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The Struggles of Brown, Jones, and Robinson

Anthony Trollope

Book Overview: 

Billed as a satire concerning the dishonest advertising and business practices of the day, it tells the tale of an upstart clothing business doomed from the get-go to utter failure. Its senior partner (the elderly Brown, who provides the investment) is far too timid for business. His son-in-law (Jones, who runs the store) is stealing from the till, and the junior partner, Robinson (who writes advertisements for the store) is so obsessed with the idea that advertising alone will drive the business, he uses up every last penny of the capital investment in a series of increasingly ludicrous ad campaigns and publicity stunts. Thrown into this mix are the two daughters of Brown, who are equally cold and calculating. The elder (married to Jones) is constantly trying to wring money out of the old man, and the younger, Maryanne, spends the entire novel playing off of two potential suitors, Robinson, or Brisket the butcher (one of Trollope's wonderful examples of ironic character naming). (above summary by Steve Forsyth, Texas) Nevertheless, Trollope shows considerable sympathy for the risks faced by small businessmen (and also notes the vulnerability of writers to over-ready critics); Robinson is to publish his experiences in the Cornhill Magazine, a prominent journal for over 100 years, in which many Victorians serialized novels (including this one). In the final chapter there is a surprising ennoblement of Robinson, and a very positive ending

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Book Excerpt: 
. . .And on the front in very large figures and letters, was stated the undoubted fact that nine times nine is 81. "If they will only call us 'The nine times nine,' the thing is done," said Robinson. Nevertheless, the house was christened Magenta House. "And now about glass," said Robinson, when the three had retired to the little back room within.

Mr. Robinson, however, admitted afterwards that he was wrong about the colour and the number. Such methods of obtaining attention were, he said, too easy of imitation, and devoid of any inherent attraction of their own. People would not care for nine times nine in Bishopsgate Street, if there were nine times nines in other streets as well. "No," said he; "I was but beginning, and made errors as beginners do. Outside there should be glass, gas, gold, and glare. Inside there should be the same, with plenty of brass, and if possible a little wit. If those won't do it, nothing will." All the same the magenta colour and the nin. . . Read More

Community Reviews

A fun satire where the protagonist is just the slightest bit ridiculous. It's light, but if you like Victorian literature it's short and worth reading.

Trollope's main satirical target in this novel is advertising. It's too heavy handed, particularly from a novelist whose satirical touch could be appealingly light. What saved this novel for me was the competition between Robinson and Brisket, the butcher, for the hand of Maryanne Brown, although th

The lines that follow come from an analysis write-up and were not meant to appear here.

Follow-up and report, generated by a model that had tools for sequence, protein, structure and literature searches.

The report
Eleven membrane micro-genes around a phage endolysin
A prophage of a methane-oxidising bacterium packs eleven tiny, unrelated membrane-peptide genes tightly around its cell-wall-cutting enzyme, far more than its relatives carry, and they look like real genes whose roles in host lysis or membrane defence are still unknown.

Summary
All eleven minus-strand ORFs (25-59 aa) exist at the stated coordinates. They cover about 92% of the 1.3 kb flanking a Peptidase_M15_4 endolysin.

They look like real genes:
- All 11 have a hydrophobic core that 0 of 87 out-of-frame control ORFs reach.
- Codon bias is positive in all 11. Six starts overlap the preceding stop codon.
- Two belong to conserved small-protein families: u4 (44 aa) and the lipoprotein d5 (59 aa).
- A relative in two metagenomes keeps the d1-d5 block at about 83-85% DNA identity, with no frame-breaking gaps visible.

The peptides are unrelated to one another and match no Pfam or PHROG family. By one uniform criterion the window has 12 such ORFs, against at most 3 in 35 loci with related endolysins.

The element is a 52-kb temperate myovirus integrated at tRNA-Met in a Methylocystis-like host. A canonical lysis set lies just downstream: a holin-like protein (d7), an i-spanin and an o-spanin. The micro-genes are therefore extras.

I don't think I've ever laughed out loud over one of Anthony Trollope's stories before. The absurdities of the advertising campaigns dreamed up by the junior member of the firm, George Robinson, would actually fit the 21st century better than the 1860s. There is also a hilariously serious debating c

One of Trollope’s shorter novels which could perhaps have been even shorter as the relationship triangle and the shop shenanigans got a little repetitive. Other than that it zipped along with narration by the advertising “genius” and frequent Shakespeare referencer Robinson providing satire and humo

Satire, often quite bitter, from start to finish. I find I need that sort of comedy in small doses--I can't watch a whole movie like that, or several episodes at once. (Like Fleabag--very well done, but hard to watch.) An entire novel, albeit a short one, with everything meaning the opposite of what

It appears that Anthony Trollope himself was not too impressed by the book, meant to be funny. I will say I found the book very readable, which is the main thing I ask for always. It reminds me of Arnold Bennett's excursions into lighter novels such as 'The Regent', 'The Sharp' and others, its use

First sentence: It will be observed by the literary and commercial world that, in this transaction, the name of the really responsible party does not show on the title-page. I — George Robinson — am that party.

Premise/plot: Brown, Jones, and Robinson may have failed miserably in their business ventu

This tale of a failed haberdashery firm is definitely a lesser Trollope, but it's amusing and worth reading (if you're a Trollope fan, anyway, and most Trollope fans are the kind who will track down all of his books regardless). It's a satire on advertising, and very funny in spots, though the chara

I am not a longstanding Trollope devotee, but I enjoy my excursions into his urbane, mischievous and wickedly critical view of the world in combination with his - in my limited experience - unswerving advocacy of decency and kindness. I found this short novel secondhand in the market, knew nothing o

This was a wonderful read. Not at all typical Trollope, none of the usual authorial discursions, but very funny and some wonderful characterisations. I'd choose Maryanne and Brisket the butcher as probably the best, though the oily Jones and the sensible Poppins are a joy too. And as for the Goose C

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